In the first day of soliciting donations of Personal Protective Equipment to help health care workers and first responders, County Executive Steve Bellone was pleased with the outpouring of support from the community.
“Today we have seen, in the spirit of cooperation, an outpouring of generosity of people who come together in a time of crisis,” Bellone said on his daily media call with reporters.
Residents and business leaders brought 40,000 gloves of various sizes, 3,000 N95 masks, 1,500 gowns and over 3,000 ear loop masks to the Suffolk County Fire Academy in Yaphank. Bellone is seeking donations from 10 am to 2 pm during the weekdays.
Given the shortage of masks, some people have started sewing homemade masks.
Gregson Pigott, the commissioner of the county Department of Health Services, cautioned people about their effectiveness.
“That’s not advised,” Pigott said on a conference call. The masks need to be “properly tested and certified.”
Stony Brook has started to make face shields with 3-D printers, which hospital personnel has reviewed and determined to be medically compliant. The team that designed these shields, call iCREATE, made some parts of the shield replaceable so health care professionals could change them out.
Today also marked the first day of Governor Andrew Cuomo’s (D) order to pause, as he asked all non-essential businesses to close to reduce the spread of the coronavirus Covid-19. Suffolk County received some clarity from the governor’s office about whether landscapers would be able to continue their work. Landscapers can continue to work for maintenance and the control of pests. These workers, however, cannot do any ornamental planning and are restricted to mowing lawns and protecting the public against health risks that might occur if they didn’t do their jobs.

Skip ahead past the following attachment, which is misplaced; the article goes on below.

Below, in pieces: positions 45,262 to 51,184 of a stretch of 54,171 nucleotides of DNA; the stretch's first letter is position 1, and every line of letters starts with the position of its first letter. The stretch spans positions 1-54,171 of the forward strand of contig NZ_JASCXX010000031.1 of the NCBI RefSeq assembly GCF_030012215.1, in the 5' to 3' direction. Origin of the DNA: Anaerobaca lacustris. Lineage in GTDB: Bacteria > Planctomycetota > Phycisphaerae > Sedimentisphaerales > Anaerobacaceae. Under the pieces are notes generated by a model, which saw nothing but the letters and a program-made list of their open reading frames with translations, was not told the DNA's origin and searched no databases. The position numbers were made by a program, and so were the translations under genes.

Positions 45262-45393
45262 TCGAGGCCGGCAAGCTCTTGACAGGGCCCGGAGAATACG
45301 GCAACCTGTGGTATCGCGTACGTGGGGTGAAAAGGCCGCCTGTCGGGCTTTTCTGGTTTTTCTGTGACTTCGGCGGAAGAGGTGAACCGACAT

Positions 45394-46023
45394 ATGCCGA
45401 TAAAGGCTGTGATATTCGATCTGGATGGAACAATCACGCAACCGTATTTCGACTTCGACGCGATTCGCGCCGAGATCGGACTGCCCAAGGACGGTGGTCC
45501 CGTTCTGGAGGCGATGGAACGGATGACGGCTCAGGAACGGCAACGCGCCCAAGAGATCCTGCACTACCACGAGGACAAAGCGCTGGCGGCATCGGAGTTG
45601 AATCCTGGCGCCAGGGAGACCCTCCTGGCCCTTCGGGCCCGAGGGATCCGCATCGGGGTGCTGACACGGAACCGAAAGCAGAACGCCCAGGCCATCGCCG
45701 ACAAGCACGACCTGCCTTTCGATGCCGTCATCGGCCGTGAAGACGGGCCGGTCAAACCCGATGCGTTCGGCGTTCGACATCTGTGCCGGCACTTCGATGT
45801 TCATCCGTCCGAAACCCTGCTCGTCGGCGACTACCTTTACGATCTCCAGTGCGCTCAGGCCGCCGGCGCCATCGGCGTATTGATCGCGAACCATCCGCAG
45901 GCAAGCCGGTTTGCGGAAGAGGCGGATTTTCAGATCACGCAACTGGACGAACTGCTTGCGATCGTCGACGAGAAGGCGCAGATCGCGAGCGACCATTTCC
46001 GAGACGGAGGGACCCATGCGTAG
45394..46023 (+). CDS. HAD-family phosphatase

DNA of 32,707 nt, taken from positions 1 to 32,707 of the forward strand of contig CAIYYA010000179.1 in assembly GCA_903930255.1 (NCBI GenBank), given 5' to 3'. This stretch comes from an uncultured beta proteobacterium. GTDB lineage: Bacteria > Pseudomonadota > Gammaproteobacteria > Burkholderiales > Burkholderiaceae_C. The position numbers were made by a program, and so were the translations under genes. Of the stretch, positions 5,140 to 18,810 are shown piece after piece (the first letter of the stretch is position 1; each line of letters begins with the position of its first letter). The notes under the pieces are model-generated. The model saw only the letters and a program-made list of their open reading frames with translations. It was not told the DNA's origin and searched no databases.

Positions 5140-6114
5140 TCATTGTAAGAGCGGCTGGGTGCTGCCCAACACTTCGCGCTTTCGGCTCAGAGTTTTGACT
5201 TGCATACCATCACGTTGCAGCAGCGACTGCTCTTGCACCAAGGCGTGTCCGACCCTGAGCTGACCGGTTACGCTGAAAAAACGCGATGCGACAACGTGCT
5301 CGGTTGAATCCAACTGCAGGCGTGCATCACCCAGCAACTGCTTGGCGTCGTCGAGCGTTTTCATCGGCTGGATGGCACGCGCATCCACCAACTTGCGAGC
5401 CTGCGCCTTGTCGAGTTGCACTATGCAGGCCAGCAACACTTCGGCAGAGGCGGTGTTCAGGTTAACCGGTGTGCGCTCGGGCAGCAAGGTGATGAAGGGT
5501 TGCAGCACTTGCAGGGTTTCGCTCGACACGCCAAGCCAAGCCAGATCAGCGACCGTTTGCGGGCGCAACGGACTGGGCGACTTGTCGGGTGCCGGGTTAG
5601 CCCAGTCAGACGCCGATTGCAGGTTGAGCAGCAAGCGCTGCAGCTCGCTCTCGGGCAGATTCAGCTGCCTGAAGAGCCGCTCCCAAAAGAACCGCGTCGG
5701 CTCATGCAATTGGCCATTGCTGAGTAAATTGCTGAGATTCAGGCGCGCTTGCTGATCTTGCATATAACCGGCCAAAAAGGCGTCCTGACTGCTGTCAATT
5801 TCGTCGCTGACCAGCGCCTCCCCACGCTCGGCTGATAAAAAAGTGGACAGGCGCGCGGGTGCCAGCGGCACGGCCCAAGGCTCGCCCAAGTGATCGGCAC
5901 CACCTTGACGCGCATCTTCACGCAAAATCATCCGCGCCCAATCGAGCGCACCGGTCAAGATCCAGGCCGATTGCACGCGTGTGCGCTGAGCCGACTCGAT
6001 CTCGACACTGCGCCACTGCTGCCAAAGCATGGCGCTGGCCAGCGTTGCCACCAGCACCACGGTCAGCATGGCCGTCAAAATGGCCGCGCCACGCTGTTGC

Meanwhile, the number of people with coronavirus continues to climb, with 1,458 people testing positive. Among those with the virus, 116 are in the hospital, with 38 in the Intensive Care Unit. The County suffered another coronavirus-related fatality, as a woman in her 80’s passed away at St. Catherine’s Hospital. The death toll in Suffolk County stands at 13.
Bellone said he is working with town supervisors and mayors to encourage residents to follow the governor’s order. As with other parts of the country, Suffolk County is working to encourage younger people to maintain social distancing.
Younger people may feel “they are not vulnerable to the virus,” Bellone said. “They [need to understand] that they can not only contract it, but they can also contract it and can transmit it to others around them. They pose a danger to vulnerable populations.”
The county executive added New York Mets pitcher Steve Matz, who is a graduate of Ward Melville High School in Setauket, has been putting out the message.
At the same time, Bellone has been gathering information about the impact of the virus on businesses. Over, 4,000 furloughed or laid off employees have reached out to the County Executive’s office through 311.
These are “some of our more vulnerable employees,” Bellone said. His office is reaching out to the employers, so they can connect with their staff so they “don’t fade into the background.”
In his daily press conference, Gov. Andrew Cuomo (D) urged the Donald Trump (R) administration to invoke the Defense Production Act, which would allow them to order manufacturers to increase production of much-needed PPE items. The president has signed an executive order invoking the act, but has yet to make a single order. Cuomo said those companies would be “paid handsomely” for the effort, but that it was needed more than ever.
The governor also said he was signing an executive order mandating hospitals around New York State to increase the number of available beds by at least 50 percent, with the goal being to reach a turnaround of 100 percent. Stony Brook University is also the planned site of an additional hospital pavilion to add extra beds to the area, though Bellone said details on that are still being worked out.
At the urging of his wife, Bellone himself contacted the mobile unit at Stony Brook Hospital to seek a coronavirus test. He was exposed to the virus from meetings with one of his deputy chiefs, Peter Scully, who tested positive last week.
Bellone called the mobile unit number, waited half an hour on the phone to speak with a medical professional, and is awaiting a call back for an appointment.
Bellone plans to have a Facebook live town hall on his page tonight at 6:30 pm to provide an update to residents.
“There continues to be a lot of anxiety,” Bellone said. “our lives have been turned upside down.”